STANFORD — Gaston Green became UCLA's all-time leading rusher on a 91-yard touchdown run, breezing away from the sweating, panting Stanford defenders who had no shot at him, even with a head start and an angle.
It was no contest.
And it was like that all day as UCLA dazzled the frazzled Cardinal players who watched as the Bruins not only dominated but also came up on the lucky end of a series of fluke plays.
The combination was devastating.
UCLA remained undefeated in the Pac-10 by routing Stanford, 49-0, at Stanford Stadium Saturday in a game that was even more one-sided than the score would indicate.
While Stanford was casting about for a quarterback who could come up with a first down, UCLA was running wild, scoring on runs, passes, field goals, interception returns--even on a safety.
It was almost laughable, but no one was laughing. The Stanford fans among the estimated crowd of 57,500 seemed stunned, while the Bruin fans were ecstatic, finally coaxing the players over to take part in a U-C-L-A eight-count cheer before they left the field.
The players were all wrapped up in Green's record, chanting, "Gas-ton, Gas-ton, Gas-ton" in the locker room until he could break away from the TV cameras and join them for a raucous cheer.
Green, in just 14 carries, ran up 139 yards for a career total of 3,217 that moved him past Freeman McNeil's record of 3,195. His 615 career carries is also a school record, but he needs one more touchdown to tie the school record of 35.
"I'm glad I finally got the record and got it out of the way," Green said. "It's been on my mind for the last few games."
Bruin linebacker Ken Norton Jr. said it was on everybody's mind. "We were all pushing for him to get the record today," Norton said. "We knew he needed 118 and that he could get it. We wanted it to be today on TV. That was good for him, and we all feel real close to him."
It was Green's 17th game of 100 yards or more, which tied McNeil's record.
Green also caught 4 passes for 78 yards as the Bruins frustrated the Cardinal defense in every way imaginable.
UCLA rolled up 564 yards to 146 for Stanford. And UCLA tied the national record (held by USC) by scoring in its 186th straight game.
In recording their second shutout of the season, the Bruin defense held Stanford to just 21 yards rushing.
Now, that was with Stanford's star running back, Brad Muster, out with a third recurrence of his ankle injury. Asked how much difference he thought Muster would have made in the game, Stanford Coach Jack Elway answered: "None."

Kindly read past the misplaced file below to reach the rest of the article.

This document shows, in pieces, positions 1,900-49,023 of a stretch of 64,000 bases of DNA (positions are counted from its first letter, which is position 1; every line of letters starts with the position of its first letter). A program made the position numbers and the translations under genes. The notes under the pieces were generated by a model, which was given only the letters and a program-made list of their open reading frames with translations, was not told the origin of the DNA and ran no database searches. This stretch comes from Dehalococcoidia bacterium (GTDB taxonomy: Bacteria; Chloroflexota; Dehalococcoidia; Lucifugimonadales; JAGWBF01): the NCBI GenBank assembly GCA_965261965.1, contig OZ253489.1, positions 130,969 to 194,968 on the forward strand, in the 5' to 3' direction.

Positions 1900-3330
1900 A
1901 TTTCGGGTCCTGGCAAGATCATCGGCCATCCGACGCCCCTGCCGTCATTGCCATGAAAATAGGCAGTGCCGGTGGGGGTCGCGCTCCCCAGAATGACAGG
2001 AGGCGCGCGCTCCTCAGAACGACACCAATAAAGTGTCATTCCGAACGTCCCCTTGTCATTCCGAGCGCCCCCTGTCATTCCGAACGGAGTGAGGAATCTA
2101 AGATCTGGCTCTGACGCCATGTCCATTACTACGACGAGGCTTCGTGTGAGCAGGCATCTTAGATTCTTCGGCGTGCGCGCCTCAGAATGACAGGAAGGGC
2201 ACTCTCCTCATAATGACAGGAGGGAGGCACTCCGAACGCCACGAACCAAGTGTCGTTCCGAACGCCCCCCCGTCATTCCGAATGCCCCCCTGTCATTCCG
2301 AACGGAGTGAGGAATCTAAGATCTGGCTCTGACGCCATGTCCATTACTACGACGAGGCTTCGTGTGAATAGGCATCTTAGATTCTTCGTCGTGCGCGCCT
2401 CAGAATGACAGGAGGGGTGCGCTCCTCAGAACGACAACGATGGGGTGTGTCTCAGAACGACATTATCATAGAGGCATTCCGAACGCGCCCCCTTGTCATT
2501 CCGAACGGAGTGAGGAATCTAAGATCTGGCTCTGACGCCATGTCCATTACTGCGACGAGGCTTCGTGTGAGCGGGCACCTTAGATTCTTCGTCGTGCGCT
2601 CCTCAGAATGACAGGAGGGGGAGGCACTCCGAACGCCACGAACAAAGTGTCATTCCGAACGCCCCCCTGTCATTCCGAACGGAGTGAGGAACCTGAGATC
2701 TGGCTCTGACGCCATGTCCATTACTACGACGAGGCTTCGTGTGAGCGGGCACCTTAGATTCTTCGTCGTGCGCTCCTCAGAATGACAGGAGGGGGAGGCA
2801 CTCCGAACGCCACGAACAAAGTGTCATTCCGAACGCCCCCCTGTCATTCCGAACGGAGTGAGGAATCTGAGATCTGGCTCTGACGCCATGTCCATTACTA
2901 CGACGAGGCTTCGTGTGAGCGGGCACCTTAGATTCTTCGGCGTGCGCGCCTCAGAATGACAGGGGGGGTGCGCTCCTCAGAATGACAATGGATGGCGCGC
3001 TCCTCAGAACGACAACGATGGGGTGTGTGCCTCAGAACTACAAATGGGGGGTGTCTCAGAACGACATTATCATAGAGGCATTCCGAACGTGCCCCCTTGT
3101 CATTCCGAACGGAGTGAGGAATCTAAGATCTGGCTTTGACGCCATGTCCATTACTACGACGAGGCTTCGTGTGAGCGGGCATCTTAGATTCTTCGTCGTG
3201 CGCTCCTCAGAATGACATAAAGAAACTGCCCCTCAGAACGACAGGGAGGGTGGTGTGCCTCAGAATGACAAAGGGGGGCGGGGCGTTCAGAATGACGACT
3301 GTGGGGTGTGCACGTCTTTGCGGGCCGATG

No doubt he was right about that. One more running back wouldn't have helped much against the legions of Bruins.
UCLA quarterback Troy Aikman completed 12 of 15 passes for 187 yards (with his first interception in five games) but he spent about half of the time on the bench.
Quarterback Brendan McCracken, who came in along with the entire second unit with just under two minutes to play in the first quarter, said the decision to use reserves early was part of the game plan.
"They told us before the game we would do that, and I was glad to hear it," McCracken said. "You feel more like you're contributing when you play early like that.
"I think it was important, because it was really hot out there, and the first team needed the break."
McCracken was perspiring as he said that.
The official temperature at game time was 80 degrees, but it seemed a lot hotter on the field.
When McCracken and Co. took the field, the score was 6-0, and Aikman had just thrown his interception, a ball that Aikman said was "stupid and thrown too late." If it hadn't been picked off by Stanford safety Brad Humphreys, it would have been a touchdown catch by Flipper Anderson.
But Donahue said the interception had nothing to do with the call for McCracken. "That was suggested by our offensive coaches," Donahue said. "(Line coach) Don Riley was on the field, and he agreed that we needed to get some fresh players in there. I thought, at that point, that Stanford's defensive line was looking quicker than we were, and we were looking tired."
But it was the Stanford players who were worn down. "We just had an absolutely terrible, terrible day on offense," Elway said.
Stanford started freshman quarterback Scott Stark, a second-year player out of Capistrano Valley in Mission Viejo. It was a nightmare of a debut.
By the end of the first half, Elway had gone back to Greg Ennis, the quarterback who had started the first three games for the Cardinal.
Before Ennis could get anything going, UCLA had Stanford in such a hole there was no way out.
The Bruins put the game out of reach with three quick touchdowns in the first five minutes of the second half.
On the fourth play of the second half, Aikman hit flanker Paco Craig on a 40-yard touchdown pass play.
Three plays later, Bruin linebacker Ben Hummel picked a ball out of the air--the result of defensive tackle Jim Wahler swinging Ennis around by the back of the jersey--and he carried it nine yards for another touchdown.